RABAT, July 13 (Reuters) – Morocco’s OCP, the world’s leading phosphate exporter, will refuse to participate in a South Africa trial over the fate of its seized phosphate shipment from the disputed Western Sahara, the company said on Thursday.
The Polisario Front independence movement, which disputes the territory with Morocco, charges that a 50,000-tonne Moroccan shipment en route to New Zealand was illegally extracted from Western Sahara and went to court to have the cargo seized on May 1.
The case is a test of Polisario’s new legal tactics in its long-running conflict with Morocco over Western Sahara, where the two sides fought a war until a 1991 ceasefire but where U.N. talks have failed to yield a lasting political settlement.
A South African court ruled last month that the Marshall Island-flagged NM Cherry Blossom should remain in Port Elizabeth until the case goes to trial, or security for the roughly $5 million cargo is posted.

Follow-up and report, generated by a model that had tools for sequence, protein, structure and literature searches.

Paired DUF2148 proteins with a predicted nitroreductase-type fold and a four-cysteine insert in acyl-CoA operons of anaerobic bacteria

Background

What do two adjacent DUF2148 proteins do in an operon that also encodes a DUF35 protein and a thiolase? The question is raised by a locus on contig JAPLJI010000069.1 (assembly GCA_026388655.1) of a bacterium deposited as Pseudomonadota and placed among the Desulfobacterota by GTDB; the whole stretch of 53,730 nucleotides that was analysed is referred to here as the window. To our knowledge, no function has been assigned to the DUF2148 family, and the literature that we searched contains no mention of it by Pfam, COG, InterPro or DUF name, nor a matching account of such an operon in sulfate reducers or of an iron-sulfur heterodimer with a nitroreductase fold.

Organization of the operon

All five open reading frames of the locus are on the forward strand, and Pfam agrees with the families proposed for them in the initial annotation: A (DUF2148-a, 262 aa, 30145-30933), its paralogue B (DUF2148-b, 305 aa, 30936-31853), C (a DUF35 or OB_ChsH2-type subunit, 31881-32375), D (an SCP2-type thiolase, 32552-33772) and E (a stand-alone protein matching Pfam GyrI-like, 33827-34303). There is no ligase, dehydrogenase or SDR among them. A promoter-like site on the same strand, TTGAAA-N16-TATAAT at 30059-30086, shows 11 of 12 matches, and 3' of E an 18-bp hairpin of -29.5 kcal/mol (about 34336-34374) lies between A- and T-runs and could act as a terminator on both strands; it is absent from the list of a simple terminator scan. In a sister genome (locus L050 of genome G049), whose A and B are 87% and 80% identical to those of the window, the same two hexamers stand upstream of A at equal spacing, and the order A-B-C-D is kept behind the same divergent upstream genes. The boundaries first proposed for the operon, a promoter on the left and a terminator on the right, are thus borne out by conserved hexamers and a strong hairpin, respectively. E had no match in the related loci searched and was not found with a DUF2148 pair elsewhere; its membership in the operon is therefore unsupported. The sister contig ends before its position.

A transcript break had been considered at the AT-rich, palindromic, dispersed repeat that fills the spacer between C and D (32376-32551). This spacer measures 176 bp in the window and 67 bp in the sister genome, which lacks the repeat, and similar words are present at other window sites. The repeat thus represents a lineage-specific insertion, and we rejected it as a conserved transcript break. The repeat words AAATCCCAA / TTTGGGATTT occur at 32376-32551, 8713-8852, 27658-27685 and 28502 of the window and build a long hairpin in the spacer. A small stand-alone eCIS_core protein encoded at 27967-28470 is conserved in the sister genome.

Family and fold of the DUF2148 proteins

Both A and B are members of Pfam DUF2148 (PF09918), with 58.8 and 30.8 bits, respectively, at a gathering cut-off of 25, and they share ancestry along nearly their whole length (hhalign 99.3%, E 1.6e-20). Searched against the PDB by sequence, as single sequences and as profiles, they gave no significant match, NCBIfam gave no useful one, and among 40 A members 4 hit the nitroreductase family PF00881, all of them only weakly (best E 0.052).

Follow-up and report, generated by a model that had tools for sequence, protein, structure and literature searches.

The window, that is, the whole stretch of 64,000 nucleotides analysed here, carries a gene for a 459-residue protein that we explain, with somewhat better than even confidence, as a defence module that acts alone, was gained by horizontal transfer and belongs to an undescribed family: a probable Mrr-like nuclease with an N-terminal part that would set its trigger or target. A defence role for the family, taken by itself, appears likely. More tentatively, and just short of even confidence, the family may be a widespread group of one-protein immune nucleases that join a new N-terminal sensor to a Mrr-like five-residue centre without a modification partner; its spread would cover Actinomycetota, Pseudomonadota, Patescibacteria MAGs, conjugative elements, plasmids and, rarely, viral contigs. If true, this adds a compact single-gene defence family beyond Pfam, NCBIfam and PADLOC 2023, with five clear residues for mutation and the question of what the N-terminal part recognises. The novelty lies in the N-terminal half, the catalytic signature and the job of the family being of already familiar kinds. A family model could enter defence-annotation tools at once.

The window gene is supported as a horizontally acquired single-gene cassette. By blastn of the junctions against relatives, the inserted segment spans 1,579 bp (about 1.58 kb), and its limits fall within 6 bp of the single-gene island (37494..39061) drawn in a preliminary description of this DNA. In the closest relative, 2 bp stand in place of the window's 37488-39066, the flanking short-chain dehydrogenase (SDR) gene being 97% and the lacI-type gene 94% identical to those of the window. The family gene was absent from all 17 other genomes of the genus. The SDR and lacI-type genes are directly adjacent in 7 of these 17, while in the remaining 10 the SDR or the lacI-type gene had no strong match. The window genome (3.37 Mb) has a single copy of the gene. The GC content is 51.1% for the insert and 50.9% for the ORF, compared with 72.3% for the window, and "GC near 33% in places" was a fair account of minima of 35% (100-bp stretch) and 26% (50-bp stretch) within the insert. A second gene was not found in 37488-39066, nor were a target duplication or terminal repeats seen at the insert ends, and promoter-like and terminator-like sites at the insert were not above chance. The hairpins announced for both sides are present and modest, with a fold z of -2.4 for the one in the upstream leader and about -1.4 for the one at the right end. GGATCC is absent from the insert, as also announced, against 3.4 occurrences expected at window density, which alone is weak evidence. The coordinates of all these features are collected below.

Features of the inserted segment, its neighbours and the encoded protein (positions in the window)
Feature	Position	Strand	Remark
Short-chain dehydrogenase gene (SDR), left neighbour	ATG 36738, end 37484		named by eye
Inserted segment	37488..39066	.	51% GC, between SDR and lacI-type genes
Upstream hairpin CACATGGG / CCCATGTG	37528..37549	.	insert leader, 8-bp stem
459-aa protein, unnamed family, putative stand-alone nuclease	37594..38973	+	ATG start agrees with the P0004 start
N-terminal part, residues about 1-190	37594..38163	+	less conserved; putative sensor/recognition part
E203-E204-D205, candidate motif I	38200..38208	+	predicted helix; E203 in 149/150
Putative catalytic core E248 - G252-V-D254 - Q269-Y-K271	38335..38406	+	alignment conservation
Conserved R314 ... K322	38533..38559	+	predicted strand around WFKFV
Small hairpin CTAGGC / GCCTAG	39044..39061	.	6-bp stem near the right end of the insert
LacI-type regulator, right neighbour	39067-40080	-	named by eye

OCP and Phosboucraa, its subsidiary in the disputed Western Sahara, said they consider the seizure in South Africa to be an act of “political piracy committed under judicial cover”.
“They therefore reserve their right to pursue and protect their property rights for this cargo using all means permitted by international law,” the OCP statement said.
A Panama court last month dismissed another case by the Polisario to block a phosphate cargo in the Central American country, saying there was no evidence it belonged to the group and that a domestic court was not the venue to judge political matters.
The Port Elizabeth High Court said the core of the case was whether the Polisario movement had made a prima facie case that it owned the phosphate cargo and for an interim order granted in May to stand.
It ordered that the five respondents, including the owner of the ship, the buyer of the cargo and OCP, be restrained from removing the cargo. The Polisario described last month’s South Africa court decision as a victory. (Reporting by Samia Errazzouki; editing by Patrick Markey/Mark Heinrich)
Reuters: Western Sahara